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Conference explores pros and cons of drug reimportation

Buying prescription drugs outside the United States is illegal, but that's not stopping Americans faced with skyrocketing health care costs from considering it as a way to get costly medications for less.

About 100 people participated in a U-M conference Oct. 30-31 on the pros and cons of the practice.

Drug reimportation involves people in this country buying American-made prescription drugs from countries to which U.S. pharmaceutical companies export their products, either by traveling there to buy drugs or purchasing them through the mail.

"I've never seen a more thorough gathering of information on this issue."
—Chris Ward, a Canadian health policy consultant

It is a complex and emotional issue. Senior citizens frequently are in the news for taking buses to Canada to buy medications at a fraction of what they cost back home. But in doing so, they could buy unsafe counterfeit or black-market drugs, and they undermine the economic motives of U.S. companies to invest in developing new drugs, opponents say.

Pat McKercher, director of the Center for Medication Use, Policy and Economics at the College of Pharmacy, and U-M colleagues organized the event to foster dialogue.

Toward that end, the participants ranged from a representative of AARP, which supports limited reimportation as a way of putting downward pressure on drug prices, to a delegate from the Pharmaceutical Research and Manufacturers of America, which says cost savings from reimportation are exaggerated and the practice puts at risk the integrity of the U.S. drug supply.

Chris Ward, a Canadian health policy consultant who served as a cabinet minister in Ontario government from 1987-90, said he recently has been to Illinois and Minnesota, among other places, to talk to officials there about their interest in importing drugs from Canada. "I've never seen a more thorough gathering of information on this issue," he said of the U-M event.

Ward said in the last three months, reimportation has created a Canadian health crisis that includes drug shortages as Americans siphon off the Canadian supply, and a pharmacist shortage, with pharmacists seeing the potential to make huge profits selling drugs to people in the United States on the Internet.

"It has just gotten completely out of hand," Ward said.

Canadian price controls keep many drugs cheaper than in the United States, and Ward said any state or federal endorsement of buying drugs from Canada is "a copout" that sidesteps the question of how the United States can supply its own citizens with affordable prescription medications. Reimportation isn't the solution, he said; instead, the United States should move toward broader prescription drug benefits through Medicare or Medicaid.

But Paul Saatsoglou of IMS Consulting said a survey conducted in April showed about half of Americans buying drugs abroad have medical coverage, so even those with insurance are tempted by cheaper medication.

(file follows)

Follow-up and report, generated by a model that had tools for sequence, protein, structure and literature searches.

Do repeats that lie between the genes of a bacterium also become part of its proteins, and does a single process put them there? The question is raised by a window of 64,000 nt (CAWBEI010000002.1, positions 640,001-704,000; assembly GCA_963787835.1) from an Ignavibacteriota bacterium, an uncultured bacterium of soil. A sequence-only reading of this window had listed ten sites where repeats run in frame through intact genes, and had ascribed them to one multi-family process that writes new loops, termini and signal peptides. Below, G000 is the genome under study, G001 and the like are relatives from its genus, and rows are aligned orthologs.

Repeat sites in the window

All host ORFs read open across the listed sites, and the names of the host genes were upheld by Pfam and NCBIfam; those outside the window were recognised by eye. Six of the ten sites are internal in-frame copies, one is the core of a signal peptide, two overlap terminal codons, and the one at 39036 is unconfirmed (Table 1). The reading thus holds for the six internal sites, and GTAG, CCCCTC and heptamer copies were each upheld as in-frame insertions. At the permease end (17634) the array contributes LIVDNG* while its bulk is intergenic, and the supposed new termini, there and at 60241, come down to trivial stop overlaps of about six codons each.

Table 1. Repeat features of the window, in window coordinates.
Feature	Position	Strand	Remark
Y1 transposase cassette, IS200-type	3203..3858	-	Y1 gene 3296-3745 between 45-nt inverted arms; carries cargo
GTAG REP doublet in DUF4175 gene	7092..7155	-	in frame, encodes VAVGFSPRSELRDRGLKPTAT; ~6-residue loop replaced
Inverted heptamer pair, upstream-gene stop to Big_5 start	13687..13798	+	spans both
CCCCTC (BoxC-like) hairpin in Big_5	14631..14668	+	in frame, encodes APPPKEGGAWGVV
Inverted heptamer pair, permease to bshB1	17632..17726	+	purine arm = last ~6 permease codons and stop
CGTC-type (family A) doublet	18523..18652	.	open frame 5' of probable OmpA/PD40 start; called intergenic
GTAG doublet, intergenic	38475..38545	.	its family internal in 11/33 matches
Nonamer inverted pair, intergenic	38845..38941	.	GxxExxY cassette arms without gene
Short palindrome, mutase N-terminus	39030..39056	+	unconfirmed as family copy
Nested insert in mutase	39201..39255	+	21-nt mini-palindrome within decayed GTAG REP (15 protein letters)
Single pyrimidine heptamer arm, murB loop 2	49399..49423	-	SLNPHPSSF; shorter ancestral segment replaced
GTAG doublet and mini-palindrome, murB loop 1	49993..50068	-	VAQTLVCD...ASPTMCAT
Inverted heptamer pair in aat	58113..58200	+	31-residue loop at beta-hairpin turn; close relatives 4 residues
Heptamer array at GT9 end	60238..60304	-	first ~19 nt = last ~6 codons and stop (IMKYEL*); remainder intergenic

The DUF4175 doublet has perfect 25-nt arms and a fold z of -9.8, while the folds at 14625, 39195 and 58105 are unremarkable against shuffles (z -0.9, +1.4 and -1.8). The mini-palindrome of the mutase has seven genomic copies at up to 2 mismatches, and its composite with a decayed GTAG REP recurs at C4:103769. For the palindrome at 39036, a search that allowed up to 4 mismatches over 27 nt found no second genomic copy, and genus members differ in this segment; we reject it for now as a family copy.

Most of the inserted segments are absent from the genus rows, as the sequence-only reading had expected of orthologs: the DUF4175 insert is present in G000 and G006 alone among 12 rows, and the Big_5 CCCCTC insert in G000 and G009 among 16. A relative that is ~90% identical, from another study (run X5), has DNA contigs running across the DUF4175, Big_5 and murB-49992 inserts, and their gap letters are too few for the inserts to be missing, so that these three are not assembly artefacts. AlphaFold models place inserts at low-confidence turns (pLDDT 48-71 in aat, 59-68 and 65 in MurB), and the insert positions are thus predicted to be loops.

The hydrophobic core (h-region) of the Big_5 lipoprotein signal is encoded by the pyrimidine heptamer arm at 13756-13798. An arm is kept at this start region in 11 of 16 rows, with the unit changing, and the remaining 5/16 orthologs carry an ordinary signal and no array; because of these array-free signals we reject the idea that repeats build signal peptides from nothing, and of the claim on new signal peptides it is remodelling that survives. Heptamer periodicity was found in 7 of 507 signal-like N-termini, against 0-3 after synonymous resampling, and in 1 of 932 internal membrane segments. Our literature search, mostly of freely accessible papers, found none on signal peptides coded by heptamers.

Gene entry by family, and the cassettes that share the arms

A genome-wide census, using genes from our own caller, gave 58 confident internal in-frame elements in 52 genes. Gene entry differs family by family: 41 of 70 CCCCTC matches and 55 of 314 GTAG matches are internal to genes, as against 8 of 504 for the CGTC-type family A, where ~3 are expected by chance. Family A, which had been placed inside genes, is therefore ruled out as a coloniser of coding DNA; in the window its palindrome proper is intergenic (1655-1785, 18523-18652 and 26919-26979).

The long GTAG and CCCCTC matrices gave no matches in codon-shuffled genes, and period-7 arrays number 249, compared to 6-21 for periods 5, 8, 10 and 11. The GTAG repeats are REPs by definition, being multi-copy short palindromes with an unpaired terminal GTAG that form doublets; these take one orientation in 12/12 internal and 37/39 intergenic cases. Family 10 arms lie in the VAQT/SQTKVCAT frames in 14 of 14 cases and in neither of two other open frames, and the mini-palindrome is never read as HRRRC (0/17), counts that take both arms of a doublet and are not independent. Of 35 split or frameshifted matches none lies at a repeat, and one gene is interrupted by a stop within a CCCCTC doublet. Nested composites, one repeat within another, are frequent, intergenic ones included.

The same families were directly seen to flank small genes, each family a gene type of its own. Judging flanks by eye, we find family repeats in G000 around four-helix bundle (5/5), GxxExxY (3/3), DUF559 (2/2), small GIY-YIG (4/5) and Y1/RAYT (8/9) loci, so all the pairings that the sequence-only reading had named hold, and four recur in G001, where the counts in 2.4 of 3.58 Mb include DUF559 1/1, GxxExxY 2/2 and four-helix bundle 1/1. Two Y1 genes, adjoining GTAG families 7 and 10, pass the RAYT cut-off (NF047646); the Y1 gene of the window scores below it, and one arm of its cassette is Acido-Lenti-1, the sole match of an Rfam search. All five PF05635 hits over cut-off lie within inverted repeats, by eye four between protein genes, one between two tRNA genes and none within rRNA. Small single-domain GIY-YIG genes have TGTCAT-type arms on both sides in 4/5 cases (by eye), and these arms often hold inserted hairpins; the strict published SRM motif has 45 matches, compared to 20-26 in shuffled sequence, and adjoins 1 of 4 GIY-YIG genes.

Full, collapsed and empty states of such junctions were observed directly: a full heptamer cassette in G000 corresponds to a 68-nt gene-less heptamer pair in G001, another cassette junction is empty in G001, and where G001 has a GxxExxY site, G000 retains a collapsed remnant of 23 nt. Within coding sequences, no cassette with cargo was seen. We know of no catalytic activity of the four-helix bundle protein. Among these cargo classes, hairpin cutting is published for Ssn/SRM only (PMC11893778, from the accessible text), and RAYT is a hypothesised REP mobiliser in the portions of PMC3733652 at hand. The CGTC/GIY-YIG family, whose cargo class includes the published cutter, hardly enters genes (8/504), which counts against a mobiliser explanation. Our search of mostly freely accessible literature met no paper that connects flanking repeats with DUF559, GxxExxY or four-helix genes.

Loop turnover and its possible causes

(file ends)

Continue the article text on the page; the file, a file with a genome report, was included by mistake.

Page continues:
Ilisa Bernstein, a senior advisor for regulatory policy at the U.S. Food and Drug Administration (FDA), said the FDA simply lacks the resources and authority to stop the flood of foreign drugs coming in through the mail. So while the FDA regulates everything from the formulation of drugs to their manufacturing and labeling when made and sold in the United States, it is helpless outside of that closed system, Bernstein said.

The FDA and U.S. Customs participated in spot inspections during the summer of thousands of mail packages suspected to contain medications. Bernstein said 88 percent were found to be drugs not sold according to FDA rules, including some pulled from the U.S. market for safety concerns, animal drugs not approved for use in humans and drugs with no English labeling.

Additionally, increased interest in buying foreign medications allows opportunists to sell counterfeit drugs or drugs diverted out of legal channels and on to the black market, said Marv Shepherd, director of the Pharmacoeconomics Center at the University of Texas College of Pharmacy.

"It's organized crime—big organized crime," Shepherd said.

That's part of the reason the AARP's position on drug reimportation supports buying drugs only from licensed Canadian pharmacies and wholesalers, aiming for a system that provides confidence in the safety and integrity of reimported medicines, said David Gross, an advisor at AARP's Public Policy Institute.

McKercher said several people approached him about taking the program to other cities, including Washington, D.C. He's considering that, as well as putting on another conference soon, possibly focusing on Medicaid legislation.

The Center for Medication Use, Policy and Economics hosted the conference with sponsorship from AstraZeneca, and support from Aventis and the Michigan Pharmacists Association.

For more information about the conference, visit

The conference was videotaped and organizers hope to have it both on that Web site and on UMTV soon.

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